Unlike the first few books, which could be described along the lines of ‘Dresden does Vampires’, ‘Dresden does Wereworlves’, etc., this story defies such classification, and I think that’s a good thing - it shows a little maturity of the series that it can start to do its own thing, and begin to build up some of the ongoing plot threads that I hope build into something fantastic int he books I have yet to read.
Death Masks is the fifth instalment in the Dresden series, and I was hoping (expecting?) to find the same kind of flawless plotting and execution that had made me love Summer Knight so damned much. I wanted to be thrilled, surprised, amused by this book just as much as I had been by its predecessor. And as much as Death Masks was a good book, it just never made it to awesome.
The first thing that struck me was that every damn female in this book was attractive. And I mean every single one of them, even the razor-sharp-fifteen-foot-long-haired-demon. Harry appears to see women as curves, breasts, pretty throats and nice eyes. It happens when he first sees Francesca, anytime he's around Anna, and at times I think he does more ogling of Deirdre (the demon-girl) than actual fighting.
My second point of contention with this book was also one of the things I found coolest about it: the Denarians. Their concept is awesome, and they make for some kickass bad guys with a great backstory and powers enough to make them stay around and become a real problem. Their execution was what didn't sit well with me, however. I'm not particularly against shapeshifting, but when dealing with shapeshifting, writers need to think long and hard about what their characters are turning into and what that implies.
Nicodemus, head of the Denarians, seemed to escape the shape-shifting issue of losing any seriousness by, well, not shape-shifting. Instead, Nicodemus is the talkative type, whilst saying he isn't, and he likes to gloat. He would have been a better bad guy, in my opinion, had he been a little less one dimensional.Read more ›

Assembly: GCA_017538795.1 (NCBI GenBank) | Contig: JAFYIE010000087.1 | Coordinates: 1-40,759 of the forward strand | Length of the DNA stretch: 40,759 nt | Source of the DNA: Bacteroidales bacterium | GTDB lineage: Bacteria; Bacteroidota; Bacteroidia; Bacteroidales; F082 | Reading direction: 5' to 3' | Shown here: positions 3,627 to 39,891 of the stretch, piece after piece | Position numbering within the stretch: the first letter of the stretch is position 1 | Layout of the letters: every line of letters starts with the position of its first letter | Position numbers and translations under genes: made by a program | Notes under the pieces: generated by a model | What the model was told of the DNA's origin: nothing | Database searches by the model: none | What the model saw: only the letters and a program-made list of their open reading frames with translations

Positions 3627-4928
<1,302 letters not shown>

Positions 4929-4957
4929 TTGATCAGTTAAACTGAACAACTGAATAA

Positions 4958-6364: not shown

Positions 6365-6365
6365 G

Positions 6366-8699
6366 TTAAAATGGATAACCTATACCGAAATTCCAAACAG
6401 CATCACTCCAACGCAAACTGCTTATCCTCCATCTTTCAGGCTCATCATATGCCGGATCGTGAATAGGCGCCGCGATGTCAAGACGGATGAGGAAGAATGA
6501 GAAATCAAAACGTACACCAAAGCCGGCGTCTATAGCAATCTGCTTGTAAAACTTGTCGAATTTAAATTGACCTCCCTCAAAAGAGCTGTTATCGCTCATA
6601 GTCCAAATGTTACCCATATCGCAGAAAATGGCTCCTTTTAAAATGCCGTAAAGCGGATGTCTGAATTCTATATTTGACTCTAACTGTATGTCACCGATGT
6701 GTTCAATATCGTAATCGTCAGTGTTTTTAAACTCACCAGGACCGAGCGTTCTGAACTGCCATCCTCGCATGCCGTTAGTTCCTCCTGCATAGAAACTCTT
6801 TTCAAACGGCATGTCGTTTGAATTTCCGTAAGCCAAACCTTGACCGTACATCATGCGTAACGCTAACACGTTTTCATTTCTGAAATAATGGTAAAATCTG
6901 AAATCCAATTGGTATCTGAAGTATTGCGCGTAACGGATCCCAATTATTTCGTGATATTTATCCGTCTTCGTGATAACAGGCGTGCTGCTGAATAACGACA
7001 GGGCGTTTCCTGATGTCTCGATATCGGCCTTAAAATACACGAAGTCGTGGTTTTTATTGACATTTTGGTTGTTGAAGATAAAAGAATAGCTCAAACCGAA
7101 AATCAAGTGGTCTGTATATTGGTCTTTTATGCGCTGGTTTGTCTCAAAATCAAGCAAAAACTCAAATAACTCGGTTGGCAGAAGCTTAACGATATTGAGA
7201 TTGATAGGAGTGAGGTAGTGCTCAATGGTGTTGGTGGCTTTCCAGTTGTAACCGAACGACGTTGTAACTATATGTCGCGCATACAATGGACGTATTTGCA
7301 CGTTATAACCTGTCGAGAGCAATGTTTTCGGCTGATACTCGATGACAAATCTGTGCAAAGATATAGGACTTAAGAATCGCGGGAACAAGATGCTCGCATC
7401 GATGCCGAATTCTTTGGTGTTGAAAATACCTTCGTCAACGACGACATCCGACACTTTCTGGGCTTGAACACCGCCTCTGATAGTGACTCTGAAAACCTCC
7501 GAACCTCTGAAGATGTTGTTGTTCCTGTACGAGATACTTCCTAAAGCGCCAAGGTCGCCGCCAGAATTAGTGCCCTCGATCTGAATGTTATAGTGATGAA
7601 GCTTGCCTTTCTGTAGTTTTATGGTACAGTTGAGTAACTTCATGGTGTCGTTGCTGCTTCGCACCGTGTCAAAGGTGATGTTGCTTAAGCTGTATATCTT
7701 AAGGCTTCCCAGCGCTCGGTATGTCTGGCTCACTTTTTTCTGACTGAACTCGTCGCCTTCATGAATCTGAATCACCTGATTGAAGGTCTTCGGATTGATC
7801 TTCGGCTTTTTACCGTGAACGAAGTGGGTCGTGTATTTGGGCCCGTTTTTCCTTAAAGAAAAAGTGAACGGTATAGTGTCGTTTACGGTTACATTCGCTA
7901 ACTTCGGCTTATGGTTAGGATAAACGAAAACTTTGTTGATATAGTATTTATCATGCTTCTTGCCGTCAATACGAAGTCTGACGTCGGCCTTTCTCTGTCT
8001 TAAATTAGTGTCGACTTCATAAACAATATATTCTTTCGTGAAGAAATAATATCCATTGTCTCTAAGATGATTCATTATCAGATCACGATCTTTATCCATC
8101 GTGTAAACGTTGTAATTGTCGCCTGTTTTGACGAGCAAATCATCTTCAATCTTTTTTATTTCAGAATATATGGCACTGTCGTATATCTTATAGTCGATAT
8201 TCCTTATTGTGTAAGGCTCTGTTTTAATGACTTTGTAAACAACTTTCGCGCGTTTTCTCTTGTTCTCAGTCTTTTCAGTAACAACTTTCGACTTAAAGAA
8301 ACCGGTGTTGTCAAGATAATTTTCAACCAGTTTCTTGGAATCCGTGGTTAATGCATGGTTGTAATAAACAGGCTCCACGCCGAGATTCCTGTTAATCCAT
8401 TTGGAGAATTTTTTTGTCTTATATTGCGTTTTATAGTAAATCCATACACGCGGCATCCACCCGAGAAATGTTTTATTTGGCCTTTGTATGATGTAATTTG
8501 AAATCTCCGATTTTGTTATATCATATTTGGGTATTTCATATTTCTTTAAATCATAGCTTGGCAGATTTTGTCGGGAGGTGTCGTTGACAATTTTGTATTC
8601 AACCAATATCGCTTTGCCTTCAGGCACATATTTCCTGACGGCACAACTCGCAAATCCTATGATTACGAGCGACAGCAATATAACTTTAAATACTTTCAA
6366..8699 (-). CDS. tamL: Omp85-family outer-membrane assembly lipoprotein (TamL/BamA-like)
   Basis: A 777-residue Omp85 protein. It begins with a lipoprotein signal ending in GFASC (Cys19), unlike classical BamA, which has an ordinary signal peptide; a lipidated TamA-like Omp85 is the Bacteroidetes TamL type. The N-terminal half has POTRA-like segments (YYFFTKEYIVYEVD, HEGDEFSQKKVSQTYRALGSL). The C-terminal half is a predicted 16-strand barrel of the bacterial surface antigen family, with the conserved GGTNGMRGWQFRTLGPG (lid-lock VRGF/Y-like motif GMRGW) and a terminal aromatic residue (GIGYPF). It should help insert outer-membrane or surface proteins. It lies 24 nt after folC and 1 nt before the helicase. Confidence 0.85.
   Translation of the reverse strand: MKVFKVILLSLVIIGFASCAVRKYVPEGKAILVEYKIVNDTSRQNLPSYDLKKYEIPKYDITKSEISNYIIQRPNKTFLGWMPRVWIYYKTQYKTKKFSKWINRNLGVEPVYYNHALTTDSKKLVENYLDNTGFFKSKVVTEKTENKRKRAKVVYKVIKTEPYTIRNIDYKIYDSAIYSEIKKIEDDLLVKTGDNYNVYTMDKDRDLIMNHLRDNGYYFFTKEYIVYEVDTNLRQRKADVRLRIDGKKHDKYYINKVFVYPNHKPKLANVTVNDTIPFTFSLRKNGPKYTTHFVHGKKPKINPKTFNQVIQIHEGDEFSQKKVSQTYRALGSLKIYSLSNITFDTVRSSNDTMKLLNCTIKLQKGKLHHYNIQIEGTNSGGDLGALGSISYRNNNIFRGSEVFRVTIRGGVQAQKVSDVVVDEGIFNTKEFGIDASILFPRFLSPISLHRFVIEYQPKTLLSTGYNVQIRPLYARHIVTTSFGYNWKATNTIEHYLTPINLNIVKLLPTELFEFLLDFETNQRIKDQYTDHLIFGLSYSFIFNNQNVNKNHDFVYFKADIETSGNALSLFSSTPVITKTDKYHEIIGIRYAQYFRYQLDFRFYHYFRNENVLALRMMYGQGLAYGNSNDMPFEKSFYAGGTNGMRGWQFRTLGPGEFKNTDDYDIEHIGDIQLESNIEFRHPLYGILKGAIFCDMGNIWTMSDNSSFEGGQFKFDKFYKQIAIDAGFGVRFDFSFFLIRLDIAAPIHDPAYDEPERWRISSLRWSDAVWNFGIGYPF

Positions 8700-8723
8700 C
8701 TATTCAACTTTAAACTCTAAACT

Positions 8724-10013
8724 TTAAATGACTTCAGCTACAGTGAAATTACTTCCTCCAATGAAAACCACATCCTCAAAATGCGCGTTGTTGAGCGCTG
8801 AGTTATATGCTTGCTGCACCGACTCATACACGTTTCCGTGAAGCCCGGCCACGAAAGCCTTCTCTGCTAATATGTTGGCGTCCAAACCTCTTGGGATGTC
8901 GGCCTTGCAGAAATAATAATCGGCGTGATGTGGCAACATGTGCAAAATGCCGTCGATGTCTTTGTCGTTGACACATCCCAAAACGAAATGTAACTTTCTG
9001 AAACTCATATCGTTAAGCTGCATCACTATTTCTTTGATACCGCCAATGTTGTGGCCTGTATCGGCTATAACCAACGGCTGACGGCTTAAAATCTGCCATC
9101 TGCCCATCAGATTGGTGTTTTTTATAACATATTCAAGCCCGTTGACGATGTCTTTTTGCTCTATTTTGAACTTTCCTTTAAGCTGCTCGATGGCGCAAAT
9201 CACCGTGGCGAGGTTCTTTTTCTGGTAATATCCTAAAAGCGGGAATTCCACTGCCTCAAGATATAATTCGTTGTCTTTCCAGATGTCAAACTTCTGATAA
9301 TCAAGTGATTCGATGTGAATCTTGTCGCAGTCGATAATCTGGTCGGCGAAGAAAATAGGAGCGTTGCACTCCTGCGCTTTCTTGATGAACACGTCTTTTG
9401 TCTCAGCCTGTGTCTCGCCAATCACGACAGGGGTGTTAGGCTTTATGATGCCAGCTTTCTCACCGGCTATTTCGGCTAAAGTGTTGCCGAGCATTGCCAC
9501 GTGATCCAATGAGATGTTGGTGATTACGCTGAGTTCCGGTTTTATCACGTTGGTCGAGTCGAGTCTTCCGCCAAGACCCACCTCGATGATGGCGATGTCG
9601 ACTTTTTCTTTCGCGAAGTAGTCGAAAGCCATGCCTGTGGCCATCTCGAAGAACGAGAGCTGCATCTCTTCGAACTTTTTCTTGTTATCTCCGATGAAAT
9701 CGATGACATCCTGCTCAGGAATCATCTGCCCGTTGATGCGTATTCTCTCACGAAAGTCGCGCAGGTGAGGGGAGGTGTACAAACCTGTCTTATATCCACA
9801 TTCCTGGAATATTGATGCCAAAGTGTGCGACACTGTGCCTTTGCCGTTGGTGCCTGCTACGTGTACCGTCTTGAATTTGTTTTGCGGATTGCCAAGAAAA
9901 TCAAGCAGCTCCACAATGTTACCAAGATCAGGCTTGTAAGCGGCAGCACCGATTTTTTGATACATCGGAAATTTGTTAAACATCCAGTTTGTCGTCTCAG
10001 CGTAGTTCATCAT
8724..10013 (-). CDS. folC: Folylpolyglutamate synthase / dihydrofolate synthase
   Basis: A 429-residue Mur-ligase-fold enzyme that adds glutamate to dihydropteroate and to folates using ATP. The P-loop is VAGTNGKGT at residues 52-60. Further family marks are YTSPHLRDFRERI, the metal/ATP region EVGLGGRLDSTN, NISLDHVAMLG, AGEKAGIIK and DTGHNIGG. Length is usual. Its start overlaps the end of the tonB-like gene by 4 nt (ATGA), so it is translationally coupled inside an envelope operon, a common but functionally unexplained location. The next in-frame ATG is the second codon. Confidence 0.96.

Most Recent Customer Reviews
I am working my way through the whole series of these books and have found them very difficult to put down right from the start.Published 7 days ago by Chrissy
Non stop action. Harry Dresden, only wizard in the phone book in Chicago is a terrific character. Each book builds on the story so far. Gripping and tender love interest. Read morePublished 3 months ago by Mrs. Margaret Blackman
This book flies along at breakneck speed giving you hardly time to make a cup of coffee. Fuelled by Jim Butchers amazing imagination, if you like a thriller doused in magic, yet... Read morePublished 7 months ago by Julie Page
As good as the rest of the Dresden series... so in other words awesome. Lots of authors try to emulate Dresden but the originals are definitely the bestPublished 10 months ago by Pete in UK
I love all these books. I have bought them all and enjoyed them massively.Published 12 months ago by Richard Robinson